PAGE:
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Ensuring the NHS is safely staffed – Jane Cummings updates on the next steps on the NHS England's shared work programme to improve the safety and quality of NHS staffing and tackles head on three Misconceptions.

In tackling misconceptions about safe staffing, Chief Nursing Officer, Jane Cummings states that:

First, nothing we are doing changes the NICE guidance that has already been issued. ‘Safe staffing for nursing in adult inpatient wards in acute hospitals’ (July 2014) and ‘Safe Midwife Staffing in Maternity Settings’ (January 2015) are important parts of our approach to ensuring safe and high quality care. The next phase of the NHS’s role in this area is focusing on new care areas and will not involve going back on the guidance already published.

Second, nothing in this work programme in any way challenges or contradicts the CQC’s important role to inspect and rate hospitals and indeed providers across health and adult social care. They make their own judgements on what is or is not safe, and are free to form their own independent judgements about safety and safe staffing.

Finally, this is not about saving money; more about using the money we have as efficiently and effectively as possible. I would not suggest anything that would compromise patient safety. It would be against all I have repeatedly highlighted since I became CNO and is fundamental to our profession. It would also be a false economy – compromising safety just causes distress to patients, adds to the cost of care and a growing litigation bill.

But to see NICE’s work as the totality of our focus on safe staffing is to miss the point. The ultimate outcome of good quality care is influenced by a far greater range of issues than how many nurses are on any particular shift, even though that is important. 

As we continue to develop our approach to safe staffing for those working in mental health, urgent and emergency care, learning disability and community services there are six things that will help to guide us. These are six reasons why we now need to take a different approach. 

First, we must take into account all the staff involved, not just nurses. In urgent and emergency care, as in other care settings, we need to look at doctors, paramedics and other Allied Health Professionals (AHPs) as well as nurses. As the NHS Five Year Forward View acknowledges, healthcare is increasingly delivered by a multiprofessional workforce – for example, nurses, care assistants, psychiatrists,psychologists, activity leaders and AHPs are all crucial to a well-run mental health service. Getting the right mix of staff in these multi-disciplinary teams is vital.

Second, many care settings are not in a hospital and span organisational boundaries. It would therefore be inappropriate to develop a staffing structure for one type of organisation and then expect it to span multiple institutions and roles.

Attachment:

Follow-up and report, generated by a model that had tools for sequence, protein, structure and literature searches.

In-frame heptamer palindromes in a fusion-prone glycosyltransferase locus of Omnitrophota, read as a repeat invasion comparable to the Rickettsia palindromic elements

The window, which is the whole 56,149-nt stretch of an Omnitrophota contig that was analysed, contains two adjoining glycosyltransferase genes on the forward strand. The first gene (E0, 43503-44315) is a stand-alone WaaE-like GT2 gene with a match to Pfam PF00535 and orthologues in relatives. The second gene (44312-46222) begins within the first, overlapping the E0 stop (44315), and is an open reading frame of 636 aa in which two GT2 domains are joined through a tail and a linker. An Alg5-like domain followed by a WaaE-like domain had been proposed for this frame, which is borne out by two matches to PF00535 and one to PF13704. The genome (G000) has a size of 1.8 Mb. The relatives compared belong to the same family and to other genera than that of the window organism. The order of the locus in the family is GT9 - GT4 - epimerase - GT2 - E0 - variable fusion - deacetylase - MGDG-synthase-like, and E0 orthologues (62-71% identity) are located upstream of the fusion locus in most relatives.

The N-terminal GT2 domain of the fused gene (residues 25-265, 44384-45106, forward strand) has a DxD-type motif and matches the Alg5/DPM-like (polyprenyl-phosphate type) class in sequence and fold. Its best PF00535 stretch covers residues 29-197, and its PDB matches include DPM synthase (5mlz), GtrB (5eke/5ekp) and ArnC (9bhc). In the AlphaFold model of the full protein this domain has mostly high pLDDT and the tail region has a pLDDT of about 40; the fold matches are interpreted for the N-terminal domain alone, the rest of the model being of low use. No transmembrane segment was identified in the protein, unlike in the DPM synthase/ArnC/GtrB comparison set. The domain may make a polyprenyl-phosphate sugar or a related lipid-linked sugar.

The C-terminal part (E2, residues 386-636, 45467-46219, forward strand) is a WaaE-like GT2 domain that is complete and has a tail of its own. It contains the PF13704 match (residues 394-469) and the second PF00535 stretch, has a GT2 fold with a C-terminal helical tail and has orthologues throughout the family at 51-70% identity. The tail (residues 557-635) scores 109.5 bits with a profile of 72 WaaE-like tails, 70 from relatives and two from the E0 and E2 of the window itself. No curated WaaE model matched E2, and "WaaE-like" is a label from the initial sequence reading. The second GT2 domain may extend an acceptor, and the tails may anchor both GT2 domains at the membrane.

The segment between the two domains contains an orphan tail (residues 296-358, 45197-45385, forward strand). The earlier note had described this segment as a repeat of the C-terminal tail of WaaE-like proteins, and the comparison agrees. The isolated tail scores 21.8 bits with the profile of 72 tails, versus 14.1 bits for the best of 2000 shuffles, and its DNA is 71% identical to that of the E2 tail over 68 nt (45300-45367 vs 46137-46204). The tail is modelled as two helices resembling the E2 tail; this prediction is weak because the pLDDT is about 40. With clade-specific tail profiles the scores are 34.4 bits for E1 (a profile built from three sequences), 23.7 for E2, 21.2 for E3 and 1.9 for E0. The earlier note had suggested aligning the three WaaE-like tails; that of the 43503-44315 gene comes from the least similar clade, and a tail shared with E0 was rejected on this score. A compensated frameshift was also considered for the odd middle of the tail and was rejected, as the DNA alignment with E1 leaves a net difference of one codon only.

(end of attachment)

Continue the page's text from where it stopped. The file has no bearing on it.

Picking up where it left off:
Third, we must remember that this is not just about filling rotas or looking only at numbers or input measures. It is also about how much time nurses spend with or supporting patients, their families and carers and what the outcomes for those people are.

Fourth, as you know we are working to develop new ways of providing care. Just as there is no one-size fits all approach for these new models of care, there will be no identikit approach to the mix of staff we need. The number of staff caring for patients on an orthopaedic ward in Cornwall or Doncaster is a good guide to how safe those wards are – we are not changing the current NICE guidance in acute hospitals for this reason. But the different settings for other types of care mean there is no one right answer.

Fifth, underpinning these will be the work outlined in my letter of 3 June,  which sets out the need for career progression for non-registered staff, nurse retention and flexible working.

Sixth, we must recognise that, unlike in acute wards, there is as yet little research or evidence into what safe staffing looks like for other care settings. We need to find a new approach to testing what is right, which includes looking at what evidence exists, commissioning new research and national and international best practice.

I believe if we use these principles it will guide us in our planned next steps. We will continue to use NICE for commissioning evidence reviews where appropriate and also bring in other independent professionals and experts to guide us. This will include professional organisations such as the RCN, RCM, QNI, AHP organisations and medical Royal Colleges.

For full letter see original source:

Relevant forthcoming events:

Nursing Staffing Levels and Skill Mix In Accident and Emergency Departments
Monday 9 November 
Hallam Conference Centre
Safe Staffing for Nursing in Mental Health Inpatient Units
Monday 16 November 
Hallam Conference Centre


12 June 2015


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